How It Works
CodeKit has a built-in server that always hosts the active project. The app automatically refreshes every browser that's connected to this server.
Just Click Preview
Click the Preview Button in the top right corner of the window. Copy the address to your other devices and be sure each is connected to the same WiFi network as your Mac. For static sites, that's it.
Sites With Dynamic Content
If your site uses server-side processing (like PHP) or you're doing something advanced:
- Configure an external server (like MAMP) to host your project
- Open Project Settings and choose the Browser Refreshing category
- Flip the External Server Required switch ON
- Enter the address of your external server
What Address Do I Enter In The Textfield?
The address of the server you set up in step one. If you're using MAMP and have not changed any defaults, it's usually http://localhost:8888 or it might be a custom virtual host you configured, like http://mysite.dev
What Address Do I Load In My Browser?
ALWAYS go to the address for CodeKit's internal server (the one that opens when you click the "Preview" button). That's the only one CodeKit will auto-refresh. When you use an external server, CodeKit becomes a reverse-proxy; it talks to your external server to load content.
Injection vs. Full Reload
When you save a stylesheet, CodeKit refreshes the browser by injecting changes without reloading the entire page. This lets you easily style modal content. When you save a page or script, however, the whole site reloads to capture those changes.
The Server Popover
Click the Server Button at the top of CodeKit's window. The popover that appears shows three addresses.
This will always have the form http://[your computer name]:5757. If your computer's name is long, you can shorten it in the Sharing Pane of macOS's System Preferences.
The non-Bonjour address is for devices like Android or Windows, which don't support Bonjour networking. It will always be: http://[your Mac's local IP address]:5757
This Mac Only
The final address is always just localhost:5757. Use this if your Mac is not connected to any network.
WARNING: On some networks, the Bonjour address may not behave correctly. (Bonjour can sometimes be a bag of hurt.) In those cases, use the Non-Bonjour address.
CodeKit supports TLS (SSL) connections to the Preview Server. This is required to test things like Facebook integration, etc. Click the checkbox in the Server Popover to enable TLS. CodeKit's server will restart and you'll see https:// addresses.
WARNING: This is for development testing only. DO NOT rely on this connection to safeguard real, sensitive data.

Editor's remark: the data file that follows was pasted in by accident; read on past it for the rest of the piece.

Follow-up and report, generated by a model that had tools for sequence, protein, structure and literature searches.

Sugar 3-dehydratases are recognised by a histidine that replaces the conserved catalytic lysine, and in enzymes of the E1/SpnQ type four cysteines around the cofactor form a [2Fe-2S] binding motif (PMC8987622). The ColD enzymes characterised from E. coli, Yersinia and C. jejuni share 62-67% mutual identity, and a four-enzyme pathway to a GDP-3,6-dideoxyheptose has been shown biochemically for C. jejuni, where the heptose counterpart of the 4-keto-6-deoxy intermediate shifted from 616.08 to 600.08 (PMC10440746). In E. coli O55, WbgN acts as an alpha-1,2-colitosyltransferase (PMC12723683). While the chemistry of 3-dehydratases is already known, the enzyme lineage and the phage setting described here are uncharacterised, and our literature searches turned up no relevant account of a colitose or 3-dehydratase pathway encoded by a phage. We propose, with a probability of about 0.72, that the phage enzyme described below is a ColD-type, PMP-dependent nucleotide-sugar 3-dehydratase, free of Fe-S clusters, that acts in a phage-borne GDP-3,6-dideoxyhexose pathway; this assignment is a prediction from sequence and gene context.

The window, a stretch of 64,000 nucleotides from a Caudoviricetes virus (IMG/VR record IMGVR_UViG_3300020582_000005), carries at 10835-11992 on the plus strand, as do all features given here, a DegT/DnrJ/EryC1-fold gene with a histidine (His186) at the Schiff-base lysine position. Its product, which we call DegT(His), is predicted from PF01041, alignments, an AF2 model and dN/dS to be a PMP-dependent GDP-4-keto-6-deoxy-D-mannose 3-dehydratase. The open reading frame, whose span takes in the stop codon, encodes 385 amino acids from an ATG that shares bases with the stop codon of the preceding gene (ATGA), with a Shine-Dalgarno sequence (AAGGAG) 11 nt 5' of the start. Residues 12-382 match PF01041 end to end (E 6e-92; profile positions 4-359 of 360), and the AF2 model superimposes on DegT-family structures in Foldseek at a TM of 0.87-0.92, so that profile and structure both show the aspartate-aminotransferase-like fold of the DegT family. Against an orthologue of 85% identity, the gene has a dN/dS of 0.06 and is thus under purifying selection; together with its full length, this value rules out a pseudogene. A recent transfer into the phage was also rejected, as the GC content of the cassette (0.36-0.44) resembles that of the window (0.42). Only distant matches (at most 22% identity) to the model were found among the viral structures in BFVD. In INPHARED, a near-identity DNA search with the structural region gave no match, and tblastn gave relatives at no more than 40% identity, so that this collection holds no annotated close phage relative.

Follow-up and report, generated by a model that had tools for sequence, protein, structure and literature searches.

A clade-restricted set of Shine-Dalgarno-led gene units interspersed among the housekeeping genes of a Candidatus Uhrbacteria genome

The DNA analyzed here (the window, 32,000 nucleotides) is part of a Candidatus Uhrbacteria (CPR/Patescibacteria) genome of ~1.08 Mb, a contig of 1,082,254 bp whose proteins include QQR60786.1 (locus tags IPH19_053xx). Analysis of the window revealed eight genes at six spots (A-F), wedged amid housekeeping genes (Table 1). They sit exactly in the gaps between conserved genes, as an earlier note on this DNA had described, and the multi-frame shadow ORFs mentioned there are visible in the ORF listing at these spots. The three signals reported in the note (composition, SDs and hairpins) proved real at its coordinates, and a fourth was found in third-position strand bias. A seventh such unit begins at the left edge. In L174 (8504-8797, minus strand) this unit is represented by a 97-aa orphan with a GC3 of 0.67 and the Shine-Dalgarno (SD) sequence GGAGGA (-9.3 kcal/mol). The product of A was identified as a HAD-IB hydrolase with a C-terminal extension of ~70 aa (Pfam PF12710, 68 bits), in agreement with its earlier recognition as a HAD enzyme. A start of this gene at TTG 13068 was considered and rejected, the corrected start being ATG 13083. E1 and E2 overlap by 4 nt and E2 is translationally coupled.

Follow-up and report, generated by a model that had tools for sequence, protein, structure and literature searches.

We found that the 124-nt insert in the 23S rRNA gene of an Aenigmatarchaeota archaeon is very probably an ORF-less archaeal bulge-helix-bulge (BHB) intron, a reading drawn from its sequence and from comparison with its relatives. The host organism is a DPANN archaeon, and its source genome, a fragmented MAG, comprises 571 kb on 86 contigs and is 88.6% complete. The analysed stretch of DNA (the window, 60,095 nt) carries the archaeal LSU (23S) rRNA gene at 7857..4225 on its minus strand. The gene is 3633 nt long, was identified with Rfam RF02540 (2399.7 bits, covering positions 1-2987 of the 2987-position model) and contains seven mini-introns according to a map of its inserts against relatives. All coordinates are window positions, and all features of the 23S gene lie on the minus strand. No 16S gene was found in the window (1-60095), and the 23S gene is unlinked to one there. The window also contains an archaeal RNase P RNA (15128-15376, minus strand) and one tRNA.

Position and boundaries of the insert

NOTE: When TLS is enabled, if you forget to type https:// instead of http://, the page will hang and fail to load. You MUST use https when TLS is on.
CodeKit automatically generates a new self-signed certificate every time your computer's IP address changes. Because the certificate is self-signed, you'll see scary warnings in your browser the first time you open CodeKit's secure preview address:
On The Desktop
On macOS, things are easiest if you use Chrome. On the screen above, click Advanced and then continue to the site to bypass the warning. In Firefox, you'll see an overlay with instructions. In Safari...you're gonna have a bad time.
On Mobile Devices
When TLS is enabled and you preview on an iOS or Android device, you'll see an overlay like the one to the right.
While CodeKit can serve the page just fine, in order to auto-refresh the browser over TLS, you must manually approve the self-signed certificate. Follow the directions to do so. You'll be asked to install the certificate in iOS's system preferences.
Alternately, you can tap I'll refresh manually. CodeKit will still serve the page, it just won't be able to auto-refresh the browser.
This Seems Complex
Yes. TLS is complicated. It was also designed to stop exactly what CodeKit needs to do: inject a bit of code into your page to enable auto-refresh.
I recommend that you work with TLS turned off most of the time and only enable it when you need to test certain aspects of your site that require it.
It's Not Working!
See the Troubleshooting page for things to check.
CodeKit strips all domain= values from each Set-cookie: header returned by your External Server. This causes the browser to store the cookie for the current document's domain, which is exactly what we want. The domain returned by your External Server will not match the domain of CodeKit's built-in server, so the browser would normally not store the cookie as instructed. Simply removing the domain value is more reliable than trying to modify it.
GZIP & Deflate
If your External Server returns gzipped or deflate-ed content, CodeKit will uncompress that data before sending it to the browser. This allows the app to inspect the page content and inject its reload script, if needed.
If your site accepts large uploads (such as videos or photos submitted through a form), you should not test those features while previewing the site through CodeKit's server. The upload will likely time out.